Abstract

Therriault, T. W., and Herborg, L-M. 2008. Predicting the potential distribution of the vase tunicate Ciona intestinalis in Canadian waters: informing a risk assessment. – ICES Journal of Marine Science, 65: 788–794.

A crucial step in characterizing the potential risk posed by non-native species is determining whether a potential invader can establish in the introduced range and what its potential distribution could be. To this end, various environmental models ranging from simple to complex have been applied to predict the potential distribution of an invader, with varying levels of success. Recently, in marine waters, tunicates have received much attention, largely because of their negative impacts on shellfish aquaculture. One of these species is the vase tunicate Ciona intestinalis, which recently has had a negative impact on aquaculture operations in Atlantic Canada and could pose a risk in Pacific Canada. To inform the risk assessment of this species, we evaluated two different types of environmental model. Simple models based on reported temperature or salinity tolerances were relatively uninformative, because almost all waters were deemed suitable. In contrast, a more complex genetic algorithm for rule-set prediction (GARP) environmental niche model, based on documented Canadian occurrence points, provided informative projections of the potential distribution in Canadian waters. In addition to informing risk assessments, these predictions can be used to focus monitoring activities, particularly towards vectors that could transport C. intestinalis to these favourable environments.

Introduction

Non-indigenous species (NIS) pose an enormous risk to native biodiversity and can compromise ecosystem function (Sala et al., 2000). For marine ecosystems, non-indigenous tunicates have become a global concern because they can displace native species and foul aquaculture gear (Mazouni et al., 2001; Lambert and Lambert, 2003; Blum et al., 2007). To characterize the potential risk posed by a new invader or the spread of an existing invader to additional waters, typically a formal risk assessment is conducted where the potential for arrival, survival, reproduction, and spread beyond the area of introduction is characterized (Mandrak and Cudmore, 2004). The probability of arrival is a measure of a species’ introduction potential and requires the presence of suitable vectors and pathways (Colautti and MacIsaac, 2004). In contrast, the probability of survival and reproduction is primarily associated with the physiological tolerances of the species and characteristics of the receiving environment (Guisan and Thuiller, 2005), or secondarily associated with community interactions (Shea and Chesson, 2002). Environmental modelling is one approach used to characterize locations where a species could survive, relative to those where it could not, provided vectors and pathways are available. Therefore, predicting the potential distribution of a NIS is a critical component of the risk assessment.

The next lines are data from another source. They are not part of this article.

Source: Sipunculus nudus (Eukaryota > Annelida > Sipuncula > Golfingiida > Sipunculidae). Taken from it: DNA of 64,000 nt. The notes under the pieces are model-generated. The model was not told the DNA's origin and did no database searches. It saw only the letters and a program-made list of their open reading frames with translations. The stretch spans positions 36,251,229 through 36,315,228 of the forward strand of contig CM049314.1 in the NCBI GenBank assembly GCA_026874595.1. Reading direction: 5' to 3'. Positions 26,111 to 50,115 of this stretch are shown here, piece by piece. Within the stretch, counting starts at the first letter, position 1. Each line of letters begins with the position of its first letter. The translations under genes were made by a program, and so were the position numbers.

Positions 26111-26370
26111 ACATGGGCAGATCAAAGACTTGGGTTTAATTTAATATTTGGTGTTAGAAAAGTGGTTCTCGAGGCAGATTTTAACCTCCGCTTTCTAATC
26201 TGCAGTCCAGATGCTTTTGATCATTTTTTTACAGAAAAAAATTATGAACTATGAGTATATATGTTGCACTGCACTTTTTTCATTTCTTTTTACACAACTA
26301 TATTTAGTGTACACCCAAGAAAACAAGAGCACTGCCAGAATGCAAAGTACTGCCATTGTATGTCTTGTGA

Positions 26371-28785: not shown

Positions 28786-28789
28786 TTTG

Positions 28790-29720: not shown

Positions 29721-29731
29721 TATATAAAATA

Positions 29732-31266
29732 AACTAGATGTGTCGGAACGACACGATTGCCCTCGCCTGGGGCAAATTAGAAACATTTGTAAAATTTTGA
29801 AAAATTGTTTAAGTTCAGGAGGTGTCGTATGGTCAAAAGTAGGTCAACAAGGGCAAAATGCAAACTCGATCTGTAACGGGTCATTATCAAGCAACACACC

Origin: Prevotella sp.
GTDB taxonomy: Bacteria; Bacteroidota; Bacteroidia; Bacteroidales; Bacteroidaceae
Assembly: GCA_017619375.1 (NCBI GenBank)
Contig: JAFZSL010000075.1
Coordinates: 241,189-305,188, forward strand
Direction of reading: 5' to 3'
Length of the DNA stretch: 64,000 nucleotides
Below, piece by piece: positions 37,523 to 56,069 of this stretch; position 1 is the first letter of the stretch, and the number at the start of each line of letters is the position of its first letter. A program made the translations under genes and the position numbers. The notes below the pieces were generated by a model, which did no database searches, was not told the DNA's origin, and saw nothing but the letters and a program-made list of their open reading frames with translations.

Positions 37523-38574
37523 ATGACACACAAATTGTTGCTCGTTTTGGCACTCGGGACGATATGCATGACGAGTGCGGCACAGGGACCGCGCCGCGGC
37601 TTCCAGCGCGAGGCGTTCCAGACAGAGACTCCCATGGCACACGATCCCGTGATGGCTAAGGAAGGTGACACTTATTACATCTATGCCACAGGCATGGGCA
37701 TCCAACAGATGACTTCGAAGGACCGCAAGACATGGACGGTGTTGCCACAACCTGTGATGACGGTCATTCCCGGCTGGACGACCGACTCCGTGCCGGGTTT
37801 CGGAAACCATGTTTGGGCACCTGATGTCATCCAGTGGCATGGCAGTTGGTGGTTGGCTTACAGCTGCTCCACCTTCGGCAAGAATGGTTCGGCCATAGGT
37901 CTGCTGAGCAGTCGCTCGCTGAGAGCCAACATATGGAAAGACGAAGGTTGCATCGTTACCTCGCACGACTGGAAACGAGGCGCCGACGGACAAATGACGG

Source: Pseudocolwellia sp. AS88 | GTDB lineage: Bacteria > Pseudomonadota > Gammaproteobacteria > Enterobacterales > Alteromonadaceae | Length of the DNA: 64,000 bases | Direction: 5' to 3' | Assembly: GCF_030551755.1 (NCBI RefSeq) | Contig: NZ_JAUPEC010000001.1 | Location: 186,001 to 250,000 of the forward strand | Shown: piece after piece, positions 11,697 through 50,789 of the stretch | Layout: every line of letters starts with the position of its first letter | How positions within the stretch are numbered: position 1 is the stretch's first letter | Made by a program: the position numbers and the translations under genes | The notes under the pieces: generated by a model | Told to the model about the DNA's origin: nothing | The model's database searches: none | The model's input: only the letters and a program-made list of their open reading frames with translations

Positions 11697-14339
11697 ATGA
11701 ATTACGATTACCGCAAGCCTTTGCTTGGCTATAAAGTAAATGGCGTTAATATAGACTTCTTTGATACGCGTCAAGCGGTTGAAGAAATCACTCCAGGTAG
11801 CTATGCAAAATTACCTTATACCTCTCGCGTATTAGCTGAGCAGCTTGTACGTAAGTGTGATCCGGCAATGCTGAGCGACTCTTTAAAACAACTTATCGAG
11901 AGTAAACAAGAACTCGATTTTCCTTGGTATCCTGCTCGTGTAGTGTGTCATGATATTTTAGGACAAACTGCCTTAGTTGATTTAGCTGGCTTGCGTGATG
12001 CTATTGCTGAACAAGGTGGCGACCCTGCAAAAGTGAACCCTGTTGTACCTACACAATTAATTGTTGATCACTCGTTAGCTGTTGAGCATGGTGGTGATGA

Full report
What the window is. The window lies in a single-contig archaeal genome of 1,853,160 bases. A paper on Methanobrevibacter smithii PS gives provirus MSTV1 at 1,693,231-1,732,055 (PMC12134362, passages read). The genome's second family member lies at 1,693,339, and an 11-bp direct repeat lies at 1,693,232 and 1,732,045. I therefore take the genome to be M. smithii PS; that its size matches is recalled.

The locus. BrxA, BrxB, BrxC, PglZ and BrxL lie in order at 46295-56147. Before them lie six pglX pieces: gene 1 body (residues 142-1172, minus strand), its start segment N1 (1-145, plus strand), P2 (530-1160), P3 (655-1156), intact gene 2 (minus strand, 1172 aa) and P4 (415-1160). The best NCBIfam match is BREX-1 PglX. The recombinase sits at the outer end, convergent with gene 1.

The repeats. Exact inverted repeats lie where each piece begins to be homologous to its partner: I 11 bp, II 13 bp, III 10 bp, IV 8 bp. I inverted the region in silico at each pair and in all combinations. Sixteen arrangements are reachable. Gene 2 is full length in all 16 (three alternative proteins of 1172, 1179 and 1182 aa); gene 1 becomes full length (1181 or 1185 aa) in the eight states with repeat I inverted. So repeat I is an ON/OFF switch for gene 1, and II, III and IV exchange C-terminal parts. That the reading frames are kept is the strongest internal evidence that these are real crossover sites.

Predicting the potential distribution of organisms, based on biological traits, habitat, and environmental and distributional data, has been attempted for a variety of taxa (e.g. Goodwin et al., 1999; Ruesink, 2005; Kaschner et al., 2006). However, most studies of this type have suggested data limitations that may compromise model performance. Therefore, more robust approaches are sought, such as the development of environmental niche models to predict suitable locations (Drake and Bossenbroek, 2004; Iguchi et al., 2004; Guinotte et al., 2006; Herborg et al., 2007). Despite the increasing availability of oceanographic data, surprisingly few marine taxa have been modelled, notably sessile organisms such as tunicates. The vase tunicate Ciona intestinalis is a tunicate species that could pose a risk to Canadian waters. It is a large, solitary tunicate that is found in dense aggregations, often as a dominant member of the epibenthic community, especially in enclosed or semi-protected marine embayments such as harbours or marinas (Monniot and Monniot, 1994; Lambert and Lambert, 2003; Ramsay et al., in press). Although often considered a member of the subtidal deep-water fauna (Brunel et al., 1998), many populations have been reported in shallow coastal waters, most notably fouling artificial structures (Cohen et al., 2000; Lambert and Lambert, 2003) or aquaculture gear (Mazouni et al., 2001; Carver et al., 2003).

Ciona intestinalis is tolerant of a wide range of environmental conditions, partially evidenced by its cosmopolitan distribution. Reported temperature tolerance varies among populations, but C. intestinalis is generally considered a cold-water or temperate species, although temporary or transient populations have been reported from tropical harbours (Monniot and Monniot, 1994). Dybern (1965) identified 30°C as an upper threshold for the species, but Petersen and Riisgård (1992) noted that filtration rates decreased >21°C, suggesting thermal stress at higher temperatures. Generally, adult mortality increases <10°C, but in Atlantic Canada, populations have survived for several months at temperatures around −1°C (Carver et al., 2003). As a euryhaline species, C. intestinalis is tolerant of a wide range of salinities (12–40), although most populations are found in water of <30 salinity, because this species cannot withstand extended periods in waters with salinity <11 (Dybern, 1967), although it may be able to withstand short-term fluctuations in salinity.